With more than 4,000 miles to explore, there are hundreds of places where you can visit the wall. Sites near Beijing offer the easiest access. Skip the crowds at Badaling, and head for Jinshanling, two hours northeast of the capital, which offers stunning views and invigorating hikes. Children will love seeing the lights that illuminate a 1.8-mile section at night. An alternative: At Huanghuacheng, about an hour and a half north of Beijing, the wall skirts Jintang Lake and the crescent-shaped Huanghuacheng Reservoir. In summer, the mountain slopes are covered with huanghua (yellow wildflowers) that gave the town its name. “We most frequently go to the Huanghuacheng area because there are several access points, all rather close together, but different enough to be interesting,” Ambrose says. If you can, visit the Great Wall when it’s blanketed with snow. “The snow enhances the crenellations, making the wall look more castlelike than normal,” Ambrose says. “My son’s imagination really gets going—when we go to Juyongguan in the snow, he pretends he’s in a battle, stuffing snow into the cannon and throwing snowballs over the edge at imaginary foes.”
For a quieter, less developed area ideal for young children, visit Mutianyu, a village just over an hour north of Beijing that dates from the 16th century. “This area is forested with crown pines and also full of fruit trees on the hills and in orchards—chestnut, apple, pear, and apricot,” says Jim Spear, who has lived in Mutianyu for 17 years and runs The Schoolhouse lodgings. “My kids roamed all over the local mountains, climbed trees, picked wildflowers, and gathered wild edibles with guidance from our neighbors. This is exactly what the local kids do when they’re not busy with their studies and on vacations.”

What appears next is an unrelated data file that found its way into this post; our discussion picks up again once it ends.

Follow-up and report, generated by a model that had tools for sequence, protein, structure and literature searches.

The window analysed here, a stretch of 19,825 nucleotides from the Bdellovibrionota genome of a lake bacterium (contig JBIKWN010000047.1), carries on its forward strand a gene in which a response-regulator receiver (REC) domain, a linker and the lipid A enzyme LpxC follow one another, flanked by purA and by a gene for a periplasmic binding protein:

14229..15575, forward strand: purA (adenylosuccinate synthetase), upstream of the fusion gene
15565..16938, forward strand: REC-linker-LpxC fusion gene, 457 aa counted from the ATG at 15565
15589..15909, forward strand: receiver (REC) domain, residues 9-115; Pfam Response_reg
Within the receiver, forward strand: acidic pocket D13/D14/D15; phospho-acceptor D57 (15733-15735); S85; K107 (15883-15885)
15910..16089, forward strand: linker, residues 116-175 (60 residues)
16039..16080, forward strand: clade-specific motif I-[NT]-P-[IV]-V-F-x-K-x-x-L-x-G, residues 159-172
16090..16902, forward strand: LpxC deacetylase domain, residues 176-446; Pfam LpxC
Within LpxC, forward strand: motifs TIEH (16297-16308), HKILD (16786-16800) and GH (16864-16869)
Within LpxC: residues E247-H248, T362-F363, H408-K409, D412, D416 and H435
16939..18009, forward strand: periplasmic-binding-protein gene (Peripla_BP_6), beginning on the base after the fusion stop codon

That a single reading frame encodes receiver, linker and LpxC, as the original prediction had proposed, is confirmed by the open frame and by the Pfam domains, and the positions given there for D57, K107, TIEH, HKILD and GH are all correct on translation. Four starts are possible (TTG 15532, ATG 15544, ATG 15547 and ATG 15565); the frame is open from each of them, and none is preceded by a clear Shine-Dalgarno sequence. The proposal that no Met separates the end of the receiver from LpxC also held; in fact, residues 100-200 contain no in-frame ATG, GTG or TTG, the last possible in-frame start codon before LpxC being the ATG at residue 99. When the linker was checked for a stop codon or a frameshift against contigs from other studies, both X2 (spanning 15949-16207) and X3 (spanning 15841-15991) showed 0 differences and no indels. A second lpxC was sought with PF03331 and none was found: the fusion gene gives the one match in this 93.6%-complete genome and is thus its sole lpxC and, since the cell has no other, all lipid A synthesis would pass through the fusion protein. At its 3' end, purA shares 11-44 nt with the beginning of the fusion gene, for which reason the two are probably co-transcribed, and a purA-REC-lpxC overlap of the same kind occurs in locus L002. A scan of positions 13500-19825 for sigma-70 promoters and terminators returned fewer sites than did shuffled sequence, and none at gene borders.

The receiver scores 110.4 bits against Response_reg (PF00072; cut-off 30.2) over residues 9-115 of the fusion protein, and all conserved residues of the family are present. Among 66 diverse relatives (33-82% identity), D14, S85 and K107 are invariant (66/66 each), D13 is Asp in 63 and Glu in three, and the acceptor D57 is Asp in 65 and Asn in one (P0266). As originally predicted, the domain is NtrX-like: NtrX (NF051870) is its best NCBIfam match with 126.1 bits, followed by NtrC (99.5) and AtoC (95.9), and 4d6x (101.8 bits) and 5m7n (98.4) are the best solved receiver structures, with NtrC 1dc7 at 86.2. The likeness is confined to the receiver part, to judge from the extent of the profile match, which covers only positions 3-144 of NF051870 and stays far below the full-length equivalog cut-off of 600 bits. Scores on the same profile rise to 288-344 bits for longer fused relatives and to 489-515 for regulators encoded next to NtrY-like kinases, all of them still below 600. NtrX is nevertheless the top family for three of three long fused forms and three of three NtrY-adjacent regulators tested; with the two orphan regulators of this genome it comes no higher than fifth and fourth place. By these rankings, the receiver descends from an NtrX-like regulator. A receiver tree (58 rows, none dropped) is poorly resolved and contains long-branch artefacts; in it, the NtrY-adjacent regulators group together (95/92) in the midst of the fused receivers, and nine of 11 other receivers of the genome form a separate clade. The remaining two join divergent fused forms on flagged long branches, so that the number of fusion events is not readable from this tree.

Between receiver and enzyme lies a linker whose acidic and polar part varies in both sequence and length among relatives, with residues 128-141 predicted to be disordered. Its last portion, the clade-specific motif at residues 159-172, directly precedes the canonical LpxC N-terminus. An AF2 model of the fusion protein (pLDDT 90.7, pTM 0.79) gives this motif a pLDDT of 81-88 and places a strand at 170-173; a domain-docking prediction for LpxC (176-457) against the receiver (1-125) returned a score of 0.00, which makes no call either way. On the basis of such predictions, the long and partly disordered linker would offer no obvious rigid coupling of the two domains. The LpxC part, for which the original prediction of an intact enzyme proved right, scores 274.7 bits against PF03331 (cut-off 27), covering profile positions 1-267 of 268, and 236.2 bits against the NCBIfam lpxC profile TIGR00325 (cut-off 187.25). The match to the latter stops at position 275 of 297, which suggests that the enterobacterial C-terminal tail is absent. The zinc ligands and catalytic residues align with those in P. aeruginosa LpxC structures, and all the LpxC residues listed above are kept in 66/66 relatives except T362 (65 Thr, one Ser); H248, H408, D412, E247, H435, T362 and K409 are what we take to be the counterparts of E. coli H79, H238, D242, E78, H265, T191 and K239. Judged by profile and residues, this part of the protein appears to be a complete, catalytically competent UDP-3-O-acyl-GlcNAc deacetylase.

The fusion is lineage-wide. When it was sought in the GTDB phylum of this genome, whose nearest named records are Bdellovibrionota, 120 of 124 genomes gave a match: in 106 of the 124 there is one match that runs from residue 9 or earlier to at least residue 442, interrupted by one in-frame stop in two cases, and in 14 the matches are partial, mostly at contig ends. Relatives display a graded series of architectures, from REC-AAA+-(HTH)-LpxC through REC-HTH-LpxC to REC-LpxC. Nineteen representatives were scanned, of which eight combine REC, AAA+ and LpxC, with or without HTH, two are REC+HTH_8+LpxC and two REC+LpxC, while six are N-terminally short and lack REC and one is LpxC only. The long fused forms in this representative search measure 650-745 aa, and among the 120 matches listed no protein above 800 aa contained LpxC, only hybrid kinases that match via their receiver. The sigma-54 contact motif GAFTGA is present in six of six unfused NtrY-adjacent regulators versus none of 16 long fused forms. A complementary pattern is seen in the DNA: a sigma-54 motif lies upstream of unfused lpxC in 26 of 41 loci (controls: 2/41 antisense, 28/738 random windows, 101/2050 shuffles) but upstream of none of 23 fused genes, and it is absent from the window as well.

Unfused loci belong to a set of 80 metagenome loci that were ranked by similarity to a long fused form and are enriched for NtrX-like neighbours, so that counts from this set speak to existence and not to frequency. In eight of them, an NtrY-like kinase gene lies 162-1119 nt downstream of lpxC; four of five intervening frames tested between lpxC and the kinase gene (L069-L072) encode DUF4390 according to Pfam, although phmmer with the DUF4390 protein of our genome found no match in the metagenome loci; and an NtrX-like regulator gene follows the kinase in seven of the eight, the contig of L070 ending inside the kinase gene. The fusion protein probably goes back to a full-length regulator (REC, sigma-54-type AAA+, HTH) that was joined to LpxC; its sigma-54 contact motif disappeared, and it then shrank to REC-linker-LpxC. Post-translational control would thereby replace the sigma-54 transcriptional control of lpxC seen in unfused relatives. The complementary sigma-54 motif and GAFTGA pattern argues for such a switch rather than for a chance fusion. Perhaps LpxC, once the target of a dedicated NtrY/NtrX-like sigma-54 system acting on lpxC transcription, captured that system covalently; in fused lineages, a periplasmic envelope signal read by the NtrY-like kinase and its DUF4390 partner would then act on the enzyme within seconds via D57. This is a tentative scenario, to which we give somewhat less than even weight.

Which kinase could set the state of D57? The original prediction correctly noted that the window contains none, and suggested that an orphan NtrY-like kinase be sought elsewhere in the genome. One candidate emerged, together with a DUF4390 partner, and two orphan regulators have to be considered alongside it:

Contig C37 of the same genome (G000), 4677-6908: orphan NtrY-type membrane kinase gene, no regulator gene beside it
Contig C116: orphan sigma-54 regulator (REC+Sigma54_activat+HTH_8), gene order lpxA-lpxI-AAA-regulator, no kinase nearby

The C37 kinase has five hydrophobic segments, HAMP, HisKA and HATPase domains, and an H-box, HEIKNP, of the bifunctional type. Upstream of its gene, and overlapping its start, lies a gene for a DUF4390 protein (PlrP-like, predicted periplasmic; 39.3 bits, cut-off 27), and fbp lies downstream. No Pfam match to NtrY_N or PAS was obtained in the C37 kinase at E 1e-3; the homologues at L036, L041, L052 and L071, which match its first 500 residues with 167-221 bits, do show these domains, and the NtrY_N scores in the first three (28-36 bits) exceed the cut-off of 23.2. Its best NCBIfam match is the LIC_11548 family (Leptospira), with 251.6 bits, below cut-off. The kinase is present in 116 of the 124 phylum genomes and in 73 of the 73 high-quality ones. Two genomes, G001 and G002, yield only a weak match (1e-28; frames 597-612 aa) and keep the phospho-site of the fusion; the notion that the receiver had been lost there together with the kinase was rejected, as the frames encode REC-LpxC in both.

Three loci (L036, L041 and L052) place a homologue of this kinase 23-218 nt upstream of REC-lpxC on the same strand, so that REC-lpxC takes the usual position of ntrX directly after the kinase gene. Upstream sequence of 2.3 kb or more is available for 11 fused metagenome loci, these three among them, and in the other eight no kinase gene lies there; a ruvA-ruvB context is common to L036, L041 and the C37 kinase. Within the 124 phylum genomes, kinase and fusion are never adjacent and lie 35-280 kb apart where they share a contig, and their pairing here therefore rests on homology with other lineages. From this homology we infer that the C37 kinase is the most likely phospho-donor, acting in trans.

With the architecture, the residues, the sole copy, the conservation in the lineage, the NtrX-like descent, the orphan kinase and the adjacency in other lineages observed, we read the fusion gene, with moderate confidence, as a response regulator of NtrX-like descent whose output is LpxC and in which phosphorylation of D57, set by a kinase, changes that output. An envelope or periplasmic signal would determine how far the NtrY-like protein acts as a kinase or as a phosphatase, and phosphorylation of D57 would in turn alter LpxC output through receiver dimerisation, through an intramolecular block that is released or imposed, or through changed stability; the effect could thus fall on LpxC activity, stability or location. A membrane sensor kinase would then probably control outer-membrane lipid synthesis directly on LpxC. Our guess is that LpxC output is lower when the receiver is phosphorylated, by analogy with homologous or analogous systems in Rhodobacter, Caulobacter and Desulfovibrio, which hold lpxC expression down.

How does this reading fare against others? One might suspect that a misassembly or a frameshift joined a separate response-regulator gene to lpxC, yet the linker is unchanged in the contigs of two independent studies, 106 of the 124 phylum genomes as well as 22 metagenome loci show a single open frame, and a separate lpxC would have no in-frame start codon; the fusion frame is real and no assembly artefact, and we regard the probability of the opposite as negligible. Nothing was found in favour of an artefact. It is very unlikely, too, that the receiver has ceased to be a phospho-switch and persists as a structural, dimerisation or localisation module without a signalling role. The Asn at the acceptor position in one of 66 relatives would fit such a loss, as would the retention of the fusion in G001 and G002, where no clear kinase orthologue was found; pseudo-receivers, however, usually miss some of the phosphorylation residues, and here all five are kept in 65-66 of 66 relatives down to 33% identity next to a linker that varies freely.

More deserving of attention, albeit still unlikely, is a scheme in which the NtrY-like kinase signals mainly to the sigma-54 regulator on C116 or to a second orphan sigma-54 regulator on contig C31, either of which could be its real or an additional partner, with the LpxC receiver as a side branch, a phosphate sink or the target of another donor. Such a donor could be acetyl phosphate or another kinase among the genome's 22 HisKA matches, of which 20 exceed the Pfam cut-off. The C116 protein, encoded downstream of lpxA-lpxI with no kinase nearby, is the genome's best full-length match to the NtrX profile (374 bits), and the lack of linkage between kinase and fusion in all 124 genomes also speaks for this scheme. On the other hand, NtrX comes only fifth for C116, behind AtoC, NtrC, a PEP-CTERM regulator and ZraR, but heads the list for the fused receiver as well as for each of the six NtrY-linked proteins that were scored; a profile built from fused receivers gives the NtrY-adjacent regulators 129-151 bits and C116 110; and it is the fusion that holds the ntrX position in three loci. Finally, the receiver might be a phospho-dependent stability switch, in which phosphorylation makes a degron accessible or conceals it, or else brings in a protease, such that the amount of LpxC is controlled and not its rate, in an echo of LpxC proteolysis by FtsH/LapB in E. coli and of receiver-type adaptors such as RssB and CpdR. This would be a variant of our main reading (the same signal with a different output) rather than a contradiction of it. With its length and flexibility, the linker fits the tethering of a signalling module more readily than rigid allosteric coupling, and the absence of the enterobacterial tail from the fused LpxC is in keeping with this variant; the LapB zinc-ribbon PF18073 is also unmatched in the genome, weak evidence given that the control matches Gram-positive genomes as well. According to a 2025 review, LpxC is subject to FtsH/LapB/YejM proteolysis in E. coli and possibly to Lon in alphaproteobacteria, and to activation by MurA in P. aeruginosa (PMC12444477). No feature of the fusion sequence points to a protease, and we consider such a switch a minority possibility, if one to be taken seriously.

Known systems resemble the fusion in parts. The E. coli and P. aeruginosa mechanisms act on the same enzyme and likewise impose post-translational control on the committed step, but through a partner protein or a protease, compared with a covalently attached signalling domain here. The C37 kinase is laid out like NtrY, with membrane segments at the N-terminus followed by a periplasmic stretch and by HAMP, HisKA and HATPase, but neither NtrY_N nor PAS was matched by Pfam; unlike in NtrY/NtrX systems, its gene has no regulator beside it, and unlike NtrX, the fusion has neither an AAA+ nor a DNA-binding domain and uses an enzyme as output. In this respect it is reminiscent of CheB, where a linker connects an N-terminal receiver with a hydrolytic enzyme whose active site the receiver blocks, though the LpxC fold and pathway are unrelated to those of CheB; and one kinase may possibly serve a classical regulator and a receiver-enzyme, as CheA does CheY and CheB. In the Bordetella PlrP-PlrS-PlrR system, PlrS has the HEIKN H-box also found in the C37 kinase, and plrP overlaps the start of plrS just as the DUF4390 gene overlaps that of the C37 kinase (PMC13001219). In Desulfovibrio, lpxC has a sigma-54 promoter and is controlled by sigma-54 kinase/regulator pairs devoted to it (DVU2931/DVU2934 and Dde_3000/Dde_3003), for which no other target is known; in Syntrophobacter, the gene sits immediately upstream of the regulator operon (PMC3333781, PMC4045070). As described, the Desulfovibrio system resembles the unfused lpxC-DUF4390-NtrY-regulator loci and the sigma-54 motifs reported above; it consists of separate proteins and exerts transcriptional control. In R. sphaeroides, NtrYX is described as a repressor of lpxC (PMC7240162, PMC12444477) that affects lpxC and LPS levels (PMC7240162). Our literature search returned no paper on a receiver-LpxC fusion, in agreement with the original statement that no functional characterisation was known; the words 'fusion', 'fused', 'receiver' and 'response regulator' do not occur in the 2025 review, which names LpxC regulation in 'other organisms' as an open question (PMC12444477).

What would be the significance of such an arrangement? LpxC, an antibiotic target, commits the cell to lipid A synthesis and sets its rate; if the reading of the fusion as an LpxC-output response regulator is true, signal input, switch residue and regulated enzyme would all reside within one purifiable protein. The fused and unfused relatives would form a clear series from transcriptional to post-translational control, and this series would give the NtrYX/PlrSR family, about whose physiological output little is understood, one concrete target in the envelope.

Enclosed cable cars can transport you straight from the valley to the top of the wall. “But many of our visitors like to get off the beaten track and take walks with their kids to nearby unrestored sections of the Great Wall—what we call the ‘wild wall,’ ” Spear says. “The wild sections there are overgrown and crumbling and the ruins give one a sense of how ancient and great this civilization is.”
Know Before You Go
Insider Tip: The Great Wall was designed for protection, but don’t forget the forts that were another part of China’s defenses. The 16th-century Yaoziyu Fort, for example, is the best preserved of Huanghuacheng’s six forts. Changyucheng Village was founded 500 years ago to guard one of the wall’s most important passes.
Books for Kids:
The Seven Chinese Brothers by Margaret Mahy; illustrated by Mou-Sien Tseng (1992): This beautifully illustrated book tells the old Chinese folktale of seven brothers with extraordinary abilities, who band together and use their powers to challenge the emperor’s mistreatment of his workers on the Great Wall.
Books for Parents:
The Great Wall: From Beginning to End by William Lindesay and Michael Yamashita (2007): The story of Lindesay’s hike along the entire Ming wall, from the Yellow Sea to the desert foothills of the Qilian Mountains, is accompanied by Michael Yamashita’s photos.
Voices of the Pipa by Jiang Ting (2003): The elegant Chinese pipa, somewhat similar to a banjo, dates back 2,000 years in China’s history. Ting has played the pipa since childhood and won first prize in China’s national pipa competition in 1996. Here, on this album, she plays ancient and modern Chinese compositions, plus her own melodies.
Great Wall Website: This collection of essays lays out the history of the many long walls that comprise the Great Wall, analyzes the popular folktale of Meng Jiangnu, and answers commonly asked questions about the wall (such as, Is it visible from the moon? No.). Be sure to check out the Travel Guide section, which details the various sites and best times to visit the wall.
Beijing Kids: This is an essential resource for families visiting Beijing. Produced by local expat families, the website provides a directory of hotels, restaurants, and educational centers in the city; tips on family-friendly events and activities in the area; and readers’ personal experiences traveling to various Great Wall sites.
“The Great Wall of China,” In Our Time: BBC radio host Melvyn Bragg discusses the Great Wall of China with Chinese historians in this episode of In Our Time. The scholars vividly describe the differences among the many sections of the Great Wall and talk in depth about its origins.
Excerpt from 100 Places That Can Change Your Child's Life , by Keith Bellows